EDP Sciences Journals List
Issue J. Phys. IV France
Volume 03, Number C9, Décembre 1993
Proceedings of the 3rd International Symposium on High Temperature Corrosion and Protection of Materials
Actes du 3ème Colloque International sur la Corrosion et la Protection des Matériaux à Haute Température
Page(s) C9-697 - C9-706
DOI http://dx.doi.org/10.1051/jp4:1993973

Proceedings of the 3rd International Symposium on High Temperature Corrosion and Protection of Materials
Actes du 3ème Colloque International sur la Corrosion et la Protection des Matériaux à Haute Température

J. Phys. IV France 03 (1993) C9-697-C9-706

DOI: 10.1051/jp4:1993973

Corrosion in coal gasification atmospheres

Roger A. Perkins

Consultant, 1142 Lincoln Dr., Mtn.View, CA, 94040, U.S.A.


Abstract
Corrosion of metallic materials by coal gasification atmospheres has been the subject of extensive study for over 20 years. While many alloys were found to be resistant to attack by high moisture content gases representative of fluidized bed gasifiers at temperatures up to 900 °C, good resistance could not be sustained for more than a few thousand hours as a result of changes in the structure and composition of oxide scales. A shift to use of entrained slagging gasifiers by the electric power industry during the past 12 years has largely eliminated the need for metallic materials to operate above 600 °C. However, the moisture content of the gas has been reduced greatly and nearly all materials form non-protective sulfide/oxide scales and can have high rates of surface recession, even at low temperatures. The challenge for the 90's is to develop a basic understanding of factors controlling the rate of surface recession in such atmospheres and to develop new alloys that will have adequate resistance to attack. Research should be directed to the effect of alloy and gas composition on corrosion mechanisms and kinetics in low moisture gas representative of entrained slagging gasification at high temperature reacting with metal surfaces at temperatures of 300-600 °C.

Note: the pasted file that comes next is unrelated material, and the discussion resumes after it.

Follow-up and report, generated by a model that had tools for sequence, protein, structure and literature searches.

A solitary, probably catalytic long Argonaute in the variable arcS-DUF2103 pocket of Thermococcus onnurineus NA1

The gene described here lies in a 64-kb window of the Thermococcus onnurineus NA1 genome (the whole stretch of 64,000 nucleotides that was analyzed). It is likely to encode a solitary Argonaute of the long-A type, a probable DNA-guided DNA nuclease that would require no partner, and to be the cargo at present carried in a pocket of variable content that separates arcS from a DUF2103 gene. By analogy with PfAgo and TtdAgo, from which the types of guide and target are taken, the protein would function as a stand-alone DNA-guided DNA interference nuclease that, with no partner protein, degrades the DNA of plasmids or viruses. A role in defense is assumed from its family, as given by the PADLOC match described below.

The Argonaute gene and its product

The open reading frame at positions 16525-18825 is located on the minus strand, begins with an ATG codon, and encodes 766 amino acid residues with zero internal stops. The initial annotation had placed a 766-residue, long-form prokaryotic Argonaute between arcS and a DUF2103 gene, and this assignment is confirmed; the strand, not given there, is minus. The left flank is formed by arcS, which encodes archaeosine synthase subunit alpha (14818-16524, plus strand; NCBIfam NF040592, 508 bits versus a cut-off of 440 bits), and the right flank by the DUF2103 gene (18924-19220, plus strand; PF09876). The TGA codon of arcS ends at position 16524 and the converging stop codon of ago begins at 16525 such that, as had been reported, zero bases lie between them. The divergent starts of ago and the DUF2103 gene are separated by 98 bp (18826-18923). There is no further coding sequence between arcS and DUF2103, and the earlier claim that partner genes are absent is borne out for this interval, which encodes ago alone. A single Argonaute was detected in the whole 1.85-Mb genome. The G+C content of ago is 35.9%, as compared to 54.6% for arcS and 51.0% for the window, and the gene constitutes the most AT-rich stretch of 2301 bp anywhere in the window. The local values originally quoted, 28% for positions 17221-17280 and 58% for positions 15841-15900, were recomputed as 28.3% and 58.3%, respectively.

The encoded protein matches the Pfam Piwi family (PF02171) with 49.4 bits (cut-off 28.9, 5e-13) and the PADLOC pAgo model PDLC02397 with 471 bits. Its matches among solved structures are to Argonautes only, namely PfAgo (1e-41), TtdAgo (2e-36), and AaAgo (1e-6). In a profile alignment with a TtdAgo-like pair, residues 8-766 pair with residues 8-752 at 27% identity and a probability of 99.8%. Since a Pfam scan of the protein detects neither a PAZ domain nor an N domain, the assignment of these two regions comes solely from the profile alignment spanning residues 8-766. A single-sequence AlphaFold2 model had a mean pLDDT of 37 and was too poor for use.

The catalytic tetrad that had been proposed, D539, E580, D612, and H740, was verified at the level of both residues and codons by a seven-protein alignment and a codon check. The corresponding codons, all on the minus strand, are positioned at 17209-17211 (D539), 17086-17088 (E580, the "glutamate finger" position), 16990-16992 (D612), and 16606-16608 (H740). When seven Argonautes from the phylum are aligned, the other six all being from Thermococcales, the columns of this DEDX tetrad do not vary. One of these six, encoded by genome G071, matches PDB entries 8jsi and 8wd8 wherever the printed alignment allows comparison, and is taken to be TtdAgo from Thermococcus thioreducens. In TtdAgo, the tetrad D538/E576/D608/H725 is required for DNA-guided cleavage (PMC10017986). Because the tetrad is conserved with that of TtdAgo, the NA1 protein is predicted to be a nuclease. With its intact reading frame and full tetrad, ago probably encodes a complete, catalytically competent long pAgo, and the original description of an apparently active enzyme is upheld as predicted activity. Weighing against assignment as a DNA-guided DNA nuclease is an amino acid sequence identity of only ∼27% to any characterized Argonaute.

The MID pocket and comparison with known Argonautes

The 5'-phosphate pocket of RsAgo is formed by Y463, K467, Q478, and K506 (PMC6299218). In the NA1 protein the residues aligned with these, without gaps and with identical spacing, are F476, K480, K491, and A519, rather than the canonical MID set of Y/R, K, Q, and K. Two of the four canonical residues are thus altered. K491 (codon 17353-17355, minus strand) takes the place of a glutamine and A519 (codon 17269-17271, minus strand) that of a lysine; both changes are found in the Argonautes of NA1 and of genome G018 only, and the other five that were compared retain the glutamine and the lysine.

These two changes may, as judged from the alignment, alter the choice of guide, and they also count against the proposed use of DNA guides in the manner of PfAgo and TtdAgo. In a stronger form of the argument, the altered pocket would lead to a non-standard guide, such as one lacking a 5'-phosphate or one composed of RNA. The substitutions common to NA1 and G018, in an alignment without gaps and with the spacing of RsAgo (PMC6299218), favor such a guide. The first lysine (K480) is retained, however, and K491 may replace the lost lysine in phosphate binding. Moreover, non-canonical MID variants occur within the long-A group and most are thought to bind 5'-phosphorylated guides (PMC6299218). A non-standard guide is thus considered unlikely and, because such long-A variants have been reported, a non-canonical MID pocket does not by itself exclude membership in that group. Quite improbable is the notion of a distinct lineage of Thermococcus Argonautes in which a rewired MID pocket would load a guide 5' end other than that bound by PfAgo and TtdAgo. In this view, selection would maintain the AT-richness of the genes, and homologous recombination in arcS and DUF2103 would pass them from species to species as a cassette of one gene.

© EDP Sciences 1993